With each global health crisis, the interconnectedness of populations around the globe becomes more pronounced. Diseases not only affect the health of communities, but they have a profound impact on political, economic, and social stability within countries and regions. This course engages the interdisciplinary nature of global health by approaching the issue through the lens of the Sustainable Development Goals (SDG) developed by the United Nations. The SDGs range in focus from good health and well-being to gender equality to clean water and sanitation to affordable, clean energy. By engaging the ways that health has a stake in these goals, the course will bring the expertise of faculty from the University of Pittsburgh and CMU as well as practitioners to understand and address the issue surrounding global health from a myriad of perspectives and avenues. With an applied focus, the course will assist students in engaging and advocating for a community on a global health issue through a policy memo. This iteration of the course will examine gender equality and SDG #5.
Events in UCIS
Friday, November 1 until Sunday, May 3
Friday, March 6
Dr. Victoria Reyes is an Assistant Professor of Sociology at the University of California, Riverside. She received her PhD from Princeton’s Department of Sociology in January 2015, and was a 2016-2017 Postdoctoral Fellow at the National Center for Institutional Diversity at the University of Michigan. She previously taught in Bryn Mawr College’s Growth and Structure of Cities Department. Her research focuses on boundaries; how they are created and remade as well as how they shape inequality in global settings, and she has examined these processes as they relate to leisure migration, cultural politics, sovereignty, and legally plural, foreign-controlled places she calls “global borderlands.”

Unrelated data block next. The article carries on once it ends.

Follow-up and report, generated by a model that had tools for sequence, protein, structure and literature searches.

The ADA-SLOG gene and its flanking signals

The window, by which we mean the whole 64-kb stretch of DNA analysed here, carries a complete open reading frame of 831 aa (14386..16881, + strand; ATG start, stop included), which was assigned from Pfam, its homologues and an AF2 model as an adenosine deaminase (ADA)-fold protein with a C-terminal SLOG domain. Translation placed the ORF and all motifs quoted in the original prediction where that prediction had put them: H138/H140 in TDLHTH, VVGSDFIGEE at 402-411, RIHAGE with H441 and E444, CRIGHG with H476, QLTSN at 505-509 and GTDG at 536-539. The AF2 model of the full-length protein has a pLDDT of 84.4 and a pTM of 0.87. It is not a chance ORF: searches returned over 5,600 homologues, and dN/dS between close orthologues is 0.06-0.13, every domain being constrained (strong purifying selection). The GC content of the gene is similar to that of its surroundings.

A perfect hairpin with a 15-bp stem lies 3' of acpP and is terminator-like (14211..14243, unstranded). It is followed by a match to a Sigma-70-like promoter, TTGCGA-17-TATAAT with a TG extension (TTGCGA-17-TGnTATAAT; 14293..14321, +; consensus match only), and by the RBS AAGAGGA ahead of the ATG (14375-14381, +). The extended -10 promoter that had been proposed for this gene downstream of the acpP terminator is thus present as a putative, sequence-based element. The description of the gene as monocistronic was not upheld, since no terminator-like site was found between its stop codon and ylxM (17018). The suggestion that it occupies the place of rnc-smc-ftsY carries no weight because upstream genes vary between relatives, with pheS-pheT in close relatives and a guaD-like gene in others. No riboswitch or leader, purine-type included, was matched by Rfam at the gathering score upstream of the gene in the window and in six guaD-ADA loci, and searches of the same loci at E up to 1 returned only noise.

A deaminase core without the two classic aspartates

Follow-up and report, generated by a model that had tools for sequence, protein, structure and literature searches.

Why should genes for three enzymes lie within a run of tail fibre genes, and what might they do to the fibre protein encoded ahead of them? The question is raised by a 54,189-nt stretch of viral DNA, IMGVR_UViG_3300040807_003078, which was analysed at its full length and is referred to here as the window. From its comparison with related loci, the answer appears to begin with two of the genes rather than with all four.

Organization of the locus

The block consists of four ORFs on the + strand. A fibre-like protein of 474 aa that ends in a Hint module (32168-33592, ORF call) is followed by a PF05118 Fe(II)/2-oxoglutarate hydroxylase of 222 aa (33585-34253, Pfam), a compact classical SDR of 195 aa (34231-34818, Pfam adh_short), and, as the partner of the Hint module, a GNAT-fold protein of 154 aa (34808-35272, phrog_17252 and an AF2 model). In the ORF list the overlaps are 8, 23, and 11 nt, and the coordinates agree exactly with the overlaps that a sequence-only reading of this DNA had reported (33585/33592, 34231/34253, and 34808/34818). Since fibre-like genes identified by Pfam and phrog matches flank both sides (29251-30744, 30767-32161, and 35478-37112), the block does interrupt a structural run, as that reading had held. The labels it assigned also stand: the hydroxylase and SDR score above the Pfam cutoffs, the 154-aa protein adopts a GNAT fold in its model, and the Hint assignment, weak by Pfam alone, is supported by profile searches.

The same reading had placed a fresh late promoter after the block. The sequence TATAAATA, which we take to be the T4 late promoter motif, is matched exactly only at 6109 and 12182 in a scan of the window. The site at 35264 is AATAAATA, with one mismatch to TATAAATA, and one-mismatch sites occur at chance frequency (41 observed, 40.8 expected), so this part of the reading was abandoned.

This language table has moved online. Contact Dijana Mujkanovic (email@example.com) for more information.
Practice your Bosnian, Serbian, or Croatian language skills at our weekly language table.
Do you have questions about completing your e-portfolio for your UCIS certificate? Advisors and students will be available to introduce you to the template, help you brainstorm what to say, and answer any tech questions you may have.
Please note this meeting is postponed until further notice. Contact Areti Papanastasiou (firstname.lastname@example.org) with any questions.
Practice your Modern Greek language skills - all levels welcome!
One of the challenges that language professionals face in our increasingly diverse communities is establishing a balance between diversity and language standards. While Standard Japanese can be considered a common language to interact with the majority of Japanese speakers who may not be accustomed to nonnative speech (ACTFL Proficiency Guidelines, 2012), the strict requirement to follow the monolingual standard may disregard the legitimacy of multilingual speakers, including nonstandard dialect speakers. The presenter will discuss pros and cons of setting standards in language programs and relevant findings concerning the native speaker fallacy (Tsuchiya, 2019). Then the presenter will share his shifting perspectives on errors, interlanguage, dialectal differences, and certain “nonstandard” practices (e.g. translanguaging) in his experience of training, hiring, and supervising teaching assistants at Brigham Young University.
APAICS (with an S), the Asian Pacific American Institute for Congressional Studies does a series of 501c3 API candidate trainings every year around the country, and the Governor's Commission on Asian Pacific American Affairs would like to bring them to Pittsburgh next year to train up any community members who want to run. This event would be the reception for one night of this training. Contact Kim Dinh at email@example.com or Mohan Seshadri at firstname.lastname@example.org for any questions.